Yesterday's move was really impressive, and if bond buying is open-ended then there's no rush to sell stocks or buy protection.
While it has taken 10 years to fully become a reality, there are a few companies that stand to benefit quite a bit from this ongoing shift in tech from the PC, some more than others. Here are four of them. TheStreet.com reports.
The mobile payments industry went mainstream, as Starbucks and Square signed a deal to bring Square's service to Starbucks 7,000 locations. This could change the shape of the payments industry forever.
The global economic downturn is taking its toll on businesses across the globe, but the organization behind the Olympics — the International Olympic Committee (IOC) — seems to be recession-proof.
Take a look at some of Thursday's morning movers:
The credit- and debit-card company delivered a net loss as it set aside money to cover litigation costs but its results beat expectations.
Check out which companies are making headlines after the bell Wednesday:
Michael Phelps is as close to a living Olympic legend as you can get. He's won 16 Olympic medals, including eight golds in the 2008 Beijing Games. But what about his brand and earning power if he loses at the 2012 Games?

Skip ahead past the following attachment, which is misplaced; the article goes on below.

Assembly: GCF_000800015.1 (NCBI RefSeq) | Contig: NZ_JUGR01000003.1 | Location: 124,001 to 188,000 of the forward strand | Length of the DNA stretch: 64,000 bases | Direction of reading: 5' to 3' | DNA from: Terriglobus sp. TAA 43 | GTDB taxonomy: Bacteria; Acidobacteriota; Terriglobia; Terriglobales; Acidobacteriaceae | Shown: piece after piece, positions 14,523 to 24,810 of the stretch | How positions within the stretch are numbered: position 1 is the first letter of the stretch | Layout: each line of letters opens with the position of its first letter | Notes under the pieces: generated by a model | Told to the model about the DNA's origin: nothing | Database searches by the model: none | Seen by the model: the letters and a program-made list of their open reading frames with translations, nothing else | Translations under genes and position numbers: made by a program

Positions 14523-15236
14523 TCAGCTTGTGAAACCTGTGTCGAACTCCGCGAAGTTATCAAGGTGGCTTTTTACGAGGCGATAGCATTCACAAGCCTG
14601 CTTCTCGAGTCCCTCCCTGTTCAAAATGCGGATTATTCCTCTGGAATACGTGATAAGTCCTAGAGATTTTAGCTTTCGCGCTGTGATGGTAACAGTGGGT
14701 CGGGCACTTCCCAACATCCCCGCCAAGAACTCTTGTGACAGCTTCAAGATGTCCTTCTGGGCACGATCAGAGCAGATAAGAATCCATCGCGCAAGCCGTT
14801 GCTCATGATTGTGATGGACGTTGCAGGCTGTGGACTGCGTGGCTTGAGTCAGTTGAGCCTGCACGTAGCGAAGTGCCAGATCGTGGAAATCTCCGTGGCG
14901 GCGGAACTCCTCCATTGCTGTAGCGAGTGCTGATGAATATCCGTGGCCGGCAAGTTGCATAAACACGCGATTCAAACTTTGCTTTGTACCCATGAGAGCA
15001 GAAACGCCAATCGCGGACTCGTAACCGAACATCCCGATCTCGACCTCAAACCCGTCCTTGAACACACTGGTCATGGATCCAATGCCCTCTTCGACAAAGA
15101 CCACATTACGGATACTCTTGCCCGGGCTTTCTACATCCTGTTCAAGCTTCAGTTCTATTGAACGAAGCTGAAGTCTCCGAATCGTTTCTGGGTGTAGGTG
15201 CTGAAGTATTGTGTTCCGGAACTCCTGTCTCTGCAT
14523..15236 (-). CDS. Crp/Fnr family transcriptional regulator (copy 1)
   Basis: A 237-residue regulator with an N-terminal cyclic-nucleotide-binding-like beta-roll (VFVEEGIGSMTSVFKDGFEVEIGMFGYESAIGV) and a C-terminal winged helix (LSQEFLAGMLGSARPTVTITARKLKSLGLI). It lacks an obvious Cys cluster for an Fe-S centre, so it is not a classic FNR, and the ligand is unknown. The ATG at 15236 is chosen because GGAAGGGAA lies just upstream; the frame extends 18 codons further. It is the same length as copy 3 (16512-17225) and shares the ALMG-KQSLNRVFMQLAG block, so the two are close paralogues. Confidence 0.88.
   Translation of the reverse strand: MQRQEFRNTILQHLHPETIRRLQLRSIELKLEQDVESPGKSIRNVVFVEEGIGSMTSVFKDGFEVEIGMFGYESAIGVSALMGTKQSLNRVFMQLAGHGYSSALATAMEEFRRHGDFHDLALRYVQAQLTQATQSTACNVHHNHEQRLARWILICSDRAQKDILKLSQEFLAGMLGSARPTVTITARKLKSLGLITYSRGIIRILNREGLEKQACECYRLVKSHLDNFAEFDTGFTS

“It’s bad news for equities indices. We have to see if like other companies, this is just sort of a hiccup, or there’s something structural here," one pro said.
Corporate earnings reports will compete for attention with whatever Europe throws at markets Tuesday.
“With a pretty surprising downturn in Europe, June was definitely a leg down for a lot of companies," one pro said. And the GDP report could be a "whack across the forehead."
Who has a stake in the games? Some big name sponsors for sure. Eleven of the 2012 Olympic Game sponsors belong to the TOP Program.
Last week's multibillion dollar settlement with credit card giants MasterCard and Visa affects millions of retail entrepreneurs: It will give them a break on some fees and allow them to charge additional fees of their own.
The tentative multibillion-dollar settlement made with Visa and MasterCard last week allows merchants to offer discounts to customers paying with cash or checks, and to impose fees when they pay with credit cards, The New York Times reports.
What's up with China? Another 1.7 percent decline in the Shanghai Index, to the lowest level since March 2009, just about the worst performing large stock market in the world.
Take a look at some of Monday’s morning movers:
Visa, MasterCard and major banks have agreed to pay at least $6 billion to millions of merchants to end a dispute over card fees.
As competition for the growing 'underbanked' business rises, banks keep lowering their fees on prepaid accounts — prompting some to re-work their business models.
London residents today lost a bid to stop rooftop missile deployments. Many Britons are questioning Olympics they say are most notable for super-sized costs and security, the Christian Science Monitor reports.
If you’re a Bridgepoint investor, Monday’s press release must have left you feeling like you bombed your final exam before graduation. If you haven’t already panicked out of your position, you could feel better when Bridgepoint bounces back, likely later in the week.